Sweet Woodruff Plant

The sweet woodruff plant is called Waldmeister or Maikraut in Germany.

The Sweet Woodruff Plant is an herb that is used in Germany in baking, cooking, and in beverages. Here are tips on how to grow this plant in your back yard and how to use it seasonally.

Germany goes green in the month of May. The theme is Sweet Woodruff (Waldmeister or Maikraut), an aromatic plant that grows and blooms during the end of April and beginning of May. It can be found in more open, sun-lit forests—where it grows best in shaded areas with loose, moist soil. When introduced to your garden, it will grow like weeds—providing a nice climbing ground cover that decorates your garden with little white flowers. You can use the sweet woodruff herb in your baking and cooking, plus in beverages—like the May Wine Punch.

Sweet Woodruff Plant Sweet Woodruff Plant growing in gardens

Use of Sweet Woodruff Plant

Sweet woodruff offers so many wonderful and delicious options. It reminds me a little of the movie Forrest Gump, when all the recipes with shrimp were named. With sweet woodruff, you can make cakes, syrup, gelatin, punch, lemonade and so much more. You can even dry bunches of woodruff upside down and then place them in small linen sacks to keep the moths and insects away in your closet and pantry. If you combine the dried woodruff with some dried lavender it smells even better. Isn’t it great what nature has to offer? All you need to know is “how” to use its gifts.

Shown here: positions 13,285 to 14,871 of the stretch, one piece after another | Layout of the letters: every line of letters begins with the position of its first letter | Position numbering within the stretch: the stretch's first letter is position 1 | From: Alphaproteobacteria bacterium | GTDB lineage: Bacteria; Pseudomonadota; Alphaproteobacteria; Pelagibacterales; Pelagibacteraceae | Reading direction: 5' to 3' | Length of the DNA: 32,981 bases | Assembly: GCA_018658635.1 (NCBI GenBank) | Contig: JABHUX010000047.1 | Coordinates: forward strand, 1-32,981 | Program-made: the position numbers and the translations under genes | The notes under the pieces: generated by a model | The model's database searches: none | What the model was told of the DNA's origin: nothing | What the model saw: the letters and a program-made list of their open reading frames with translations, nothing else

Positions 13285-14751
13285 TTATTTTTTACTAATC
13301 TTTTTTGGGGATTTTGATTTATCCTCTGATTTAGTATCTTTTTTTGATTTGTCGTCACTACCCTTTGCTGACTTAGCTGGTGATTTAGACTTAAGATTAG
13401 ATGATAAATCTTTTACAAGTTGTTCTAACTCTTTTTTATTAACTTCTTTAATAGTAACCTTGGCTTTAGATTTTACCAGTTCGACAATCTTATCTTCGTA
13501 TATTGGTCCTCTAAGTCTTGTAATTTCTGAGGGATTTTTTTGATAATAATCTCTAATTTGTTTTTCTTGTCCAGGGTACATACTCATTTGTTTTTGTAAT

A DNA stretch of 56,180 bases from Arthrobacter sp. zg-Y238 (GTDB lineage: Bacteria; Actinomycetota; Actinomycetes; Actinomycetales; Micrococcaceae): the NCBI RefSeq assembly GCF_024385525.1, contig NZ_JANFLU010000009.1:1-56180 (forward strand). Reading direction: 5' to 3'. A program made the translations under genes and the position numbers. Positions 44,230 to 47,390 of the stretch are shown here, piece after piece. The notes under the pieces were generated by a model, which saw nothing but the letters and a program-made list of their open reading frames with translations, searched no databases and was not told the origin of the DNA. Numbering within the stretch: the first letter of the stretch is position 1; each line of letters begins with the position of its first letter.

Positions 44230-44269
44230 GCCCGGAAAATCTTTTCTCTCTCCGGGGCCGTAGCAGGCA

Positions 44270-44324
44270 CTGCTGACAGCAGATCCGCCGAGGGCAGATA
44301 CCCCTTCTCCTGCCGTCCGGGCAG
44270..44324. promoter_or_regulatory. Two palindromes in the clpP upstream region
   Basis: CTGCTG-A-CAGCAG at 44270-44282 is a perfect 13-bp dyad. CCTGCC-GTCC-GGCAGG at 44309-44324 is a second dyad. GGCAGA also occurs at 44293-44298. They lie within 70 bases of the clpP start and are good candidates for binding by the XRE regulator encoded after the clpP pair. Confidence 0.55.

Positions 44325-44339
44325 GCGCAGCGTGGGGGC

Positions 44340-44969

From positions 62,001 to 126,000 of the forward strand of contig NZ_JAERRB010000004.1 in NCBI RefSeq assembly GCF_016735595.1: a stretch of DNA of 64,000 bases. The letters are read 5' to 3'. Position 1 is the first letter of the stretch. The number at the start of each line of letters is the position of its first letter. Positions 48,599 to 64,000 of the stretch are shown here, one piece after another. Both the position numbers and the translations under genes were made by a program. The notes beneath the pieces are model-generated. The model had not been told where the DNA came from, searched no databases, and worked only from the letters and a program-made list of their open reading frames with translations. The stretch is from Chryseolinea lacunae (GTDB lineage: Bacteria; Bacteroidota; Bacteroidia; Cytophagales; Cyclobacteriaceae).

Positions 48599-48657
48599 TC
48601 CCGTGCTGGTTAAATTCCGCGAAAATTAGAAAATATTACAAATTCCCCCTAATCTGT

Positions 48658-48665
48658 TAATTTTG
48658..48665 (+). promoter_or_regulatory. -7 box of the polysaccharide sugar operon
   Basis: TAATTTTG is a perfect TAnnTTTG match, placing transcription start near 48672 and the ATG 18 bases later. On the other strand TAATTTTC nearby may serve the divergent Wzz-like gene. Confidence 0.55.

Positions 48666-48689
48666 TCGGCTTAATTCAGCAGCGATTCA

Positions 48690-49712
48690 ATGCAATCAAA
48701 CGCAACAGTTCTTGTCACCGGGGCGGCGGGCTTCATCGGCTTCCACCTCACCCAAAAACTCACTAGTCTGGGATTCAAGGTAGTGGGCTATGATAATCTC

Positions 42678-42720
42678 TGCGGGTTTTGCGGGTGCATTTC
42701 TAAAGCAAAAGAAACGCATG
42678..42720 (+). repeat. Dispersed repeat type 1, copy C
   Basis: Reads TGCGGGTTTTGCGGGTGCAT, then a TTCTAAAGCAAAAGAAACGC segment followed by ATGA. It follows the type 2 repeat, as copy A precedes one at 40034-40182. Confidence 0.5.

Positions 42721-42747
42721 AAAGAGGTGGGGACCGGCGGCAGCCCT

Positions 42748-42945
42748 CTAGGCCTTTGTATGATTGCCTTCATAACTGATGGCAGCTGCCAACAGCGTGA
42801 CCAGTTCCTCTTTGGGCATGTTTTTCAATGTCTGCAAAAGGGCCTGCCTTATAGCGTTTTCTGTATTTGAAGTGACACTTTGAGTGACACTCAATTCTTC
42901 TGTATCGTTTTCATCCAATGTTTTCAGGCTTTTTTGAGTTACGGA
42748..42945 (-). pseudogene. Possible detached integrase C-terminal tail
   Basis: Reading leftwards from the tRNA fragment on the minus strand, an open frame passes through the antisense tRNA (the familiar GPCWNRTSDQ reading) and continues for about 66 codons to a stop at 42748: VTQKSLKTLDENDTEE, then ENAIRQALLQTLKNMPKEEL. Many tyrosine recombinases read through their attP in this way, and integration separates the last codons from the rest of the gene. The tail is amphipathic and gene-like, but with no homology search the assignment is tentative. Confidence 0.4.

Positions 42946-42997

sweet woodruff cheese cake IMG_8590

I remember when I was a child, that shortly before the First of May, the men would go into the woods on an early Sunday morning to find woodruff for the Maibowle (May wine Punch).  Attached to their belts, they each had a thin cord which was stored in their pockets. Once they found their beloved plant, they would cut it and use the cord to tie it in a bunch. When they came out of the woods, they would walk down the street proudly showing their three, four, or five bunches of Maikraut hanging from their waists.

Of course after this hard work, they first had to join the Frühschoppen for a pre-lunch drink at their local pub before delivering this valuable herb to the women waiting at home to use it in baking and cooking. To reward the ladies for their patience, the men would surprise them with a bouquet of yellow blooming Schlüsselblumen (Himmelsschlüssel)—cowslip flowers (primula veris) which they picked along the way in the meadows.


(Thanks to photographer Matthias Kehrein for providing the picture of the cowslip)

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